The next assignment of error is in allowing plaintiff's witness, Mr. Bruner, the roadmaster, to be contradicted by Mrs. Epperson. He was asked if Mrs. Epperson had not

requested him to fill a certain hole in the right of 2 way, as now claimed by plaintiff, in front of her

property, and possibly also in front of defendant's property, and if he had not replied that it was not on the right of way, but on her own property, and that he would not fill it.

He denied the conversation, and, against objection, the Court allowed Mrs. Epperson to contradict him.

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This certainly does not, directly or by implication, vest in him authority to waive the company's rights to its property by his declarations with regard thereto.

The defendant introduced a certain plat of the plaintiff's property in Sumter obtained from some of its officers in settling a dispute between the company and the city of

Sumter touching another matter. On this plat the 3 right of way is shown by scale as being of less width

than that now claimed by plaintiff. In reply, plaintiff sought to prove by Mr. Bruner, who assisted in making the plat, that it was not made for the purpose of accurately locating the right of way to which the company was entitled by law, but merely to show the open space available, at that time, for the rearrangement of its tracks. The Court erred in excluding this explanation of the plat. It matters not that Mr. Bruner did not make the plat, or that his own measurements and figures did not appear thereon, though he said that some of them did. He testified that he was present when it was made and assisted in procuring the data for it, and that he knew the purpose for which it was made. A plat made for a particular purpose, or to show a specific location, may not be, and often is not, accurate with regard to other matters shown thereon. These are often sketched in, without accurate measurement or location. Therefore, the purpose for which the plat in question was made was very material in determining its reliability as evidence upon the question at issue.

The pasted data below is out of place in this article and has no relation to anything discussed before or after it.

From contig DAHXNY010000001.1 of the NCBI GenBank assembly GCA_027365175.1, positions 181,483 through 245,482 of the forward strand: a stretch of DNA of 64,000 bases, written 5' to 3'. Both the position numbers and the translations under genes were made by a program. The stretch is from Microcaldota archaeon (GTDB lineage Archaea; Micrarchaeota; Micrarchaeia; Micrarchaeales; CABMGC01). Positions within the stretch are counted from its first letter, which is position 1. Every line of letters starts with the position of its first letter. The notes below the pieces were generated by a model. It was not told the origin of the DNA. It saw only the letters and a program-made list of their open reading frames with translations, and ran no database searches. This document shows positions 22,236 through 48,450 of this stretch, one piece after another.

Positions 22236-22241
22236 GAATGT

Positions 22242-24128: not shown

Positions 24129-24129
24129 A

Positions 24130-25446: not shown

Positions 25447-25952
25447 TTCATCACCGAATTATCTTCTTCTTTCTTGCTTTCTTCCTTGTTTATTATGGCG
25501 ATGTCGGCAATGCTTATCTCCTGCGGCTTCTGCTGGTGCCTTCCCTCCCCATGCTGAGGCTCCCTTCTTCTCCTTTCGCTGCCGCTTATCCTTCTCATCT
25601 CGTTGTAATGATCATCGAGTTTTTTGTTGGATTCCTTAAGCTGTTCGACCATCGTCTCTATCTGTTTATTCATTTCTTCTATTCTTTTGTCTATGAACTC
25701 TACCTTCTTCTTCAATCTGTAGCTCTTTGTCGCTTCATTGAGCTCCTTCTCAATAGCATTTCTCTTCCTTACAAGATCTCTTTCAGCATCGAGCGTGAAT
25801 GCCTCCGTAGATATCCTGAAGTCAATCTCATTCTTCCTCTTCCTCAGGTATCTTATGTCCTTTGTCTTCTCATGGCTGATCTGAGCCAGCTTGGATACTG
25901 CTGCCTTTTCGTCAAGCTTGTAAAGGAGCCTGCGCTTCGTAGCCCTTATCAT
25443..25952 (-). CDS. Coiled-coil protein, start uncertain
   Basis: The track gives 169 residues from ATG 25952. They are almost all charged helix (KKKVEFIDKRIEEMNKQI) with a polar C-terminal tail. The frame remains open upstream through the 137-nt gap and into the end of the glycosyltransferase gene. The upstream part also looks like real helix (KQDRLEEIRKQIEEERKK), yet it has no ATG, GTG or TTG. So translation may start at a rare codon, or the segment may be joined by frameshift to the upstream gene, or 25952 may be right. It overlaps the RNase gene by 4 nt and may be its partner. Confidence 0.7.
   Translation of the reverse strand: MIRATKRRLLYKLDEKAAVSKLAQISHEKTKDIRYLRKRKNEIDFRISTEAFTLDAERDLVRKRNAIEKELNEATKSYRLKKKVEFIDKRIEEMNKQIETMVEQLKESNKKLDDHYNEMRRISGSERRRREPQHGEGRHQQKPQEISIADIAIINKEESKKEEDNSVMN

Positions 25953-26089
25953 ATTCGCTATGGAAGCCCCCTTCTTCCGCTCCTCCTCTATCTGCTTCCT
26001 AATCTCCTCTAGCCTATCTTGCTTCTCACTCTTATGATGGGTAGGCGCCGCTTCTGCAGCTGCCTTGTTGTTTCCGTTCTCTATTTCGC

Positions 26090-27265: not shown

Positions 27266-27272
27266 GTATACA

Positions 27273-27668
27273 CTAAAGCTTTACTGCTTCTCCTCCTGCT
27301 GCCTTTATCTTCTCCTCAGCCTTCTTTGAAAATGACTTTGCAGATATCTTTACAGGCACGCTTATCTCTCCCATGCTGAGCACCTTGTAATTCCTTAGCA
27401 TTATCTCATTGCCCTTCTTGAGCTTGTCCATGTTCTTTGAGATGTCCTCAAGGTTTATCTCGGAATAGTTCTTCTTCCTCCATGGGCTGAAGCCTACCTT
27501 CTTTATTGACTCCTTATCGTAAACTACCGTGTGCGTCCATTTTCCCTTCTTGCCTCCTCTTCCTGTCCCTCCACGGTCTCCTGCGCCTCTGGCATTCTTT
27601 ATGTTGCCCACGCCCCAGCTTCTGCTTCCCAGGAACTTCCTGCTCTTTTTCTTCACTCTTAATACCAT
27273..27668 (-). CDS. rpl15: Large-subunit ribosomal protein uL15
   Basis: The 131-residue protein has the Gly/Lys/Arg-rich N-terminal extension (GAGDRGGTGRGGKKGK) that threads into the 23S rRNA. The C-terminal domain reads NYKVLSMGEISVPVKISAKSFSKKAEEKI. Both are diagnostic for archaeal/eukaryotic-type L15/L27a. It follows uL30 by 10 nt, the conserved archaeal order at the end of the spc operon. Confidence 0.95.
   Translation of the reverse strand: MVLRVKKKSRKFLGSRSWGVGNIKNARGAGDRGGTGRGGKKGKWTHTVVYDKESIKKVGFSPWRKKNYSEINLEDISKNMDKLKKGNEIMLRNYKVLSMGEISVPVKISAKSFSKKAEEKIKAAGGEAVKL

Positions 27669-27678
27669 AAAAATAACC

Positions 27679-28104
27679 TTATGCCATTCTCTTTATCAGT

This plat appears to have been made in 1901, and plaintiff sought to rebut the inference which defendant sought to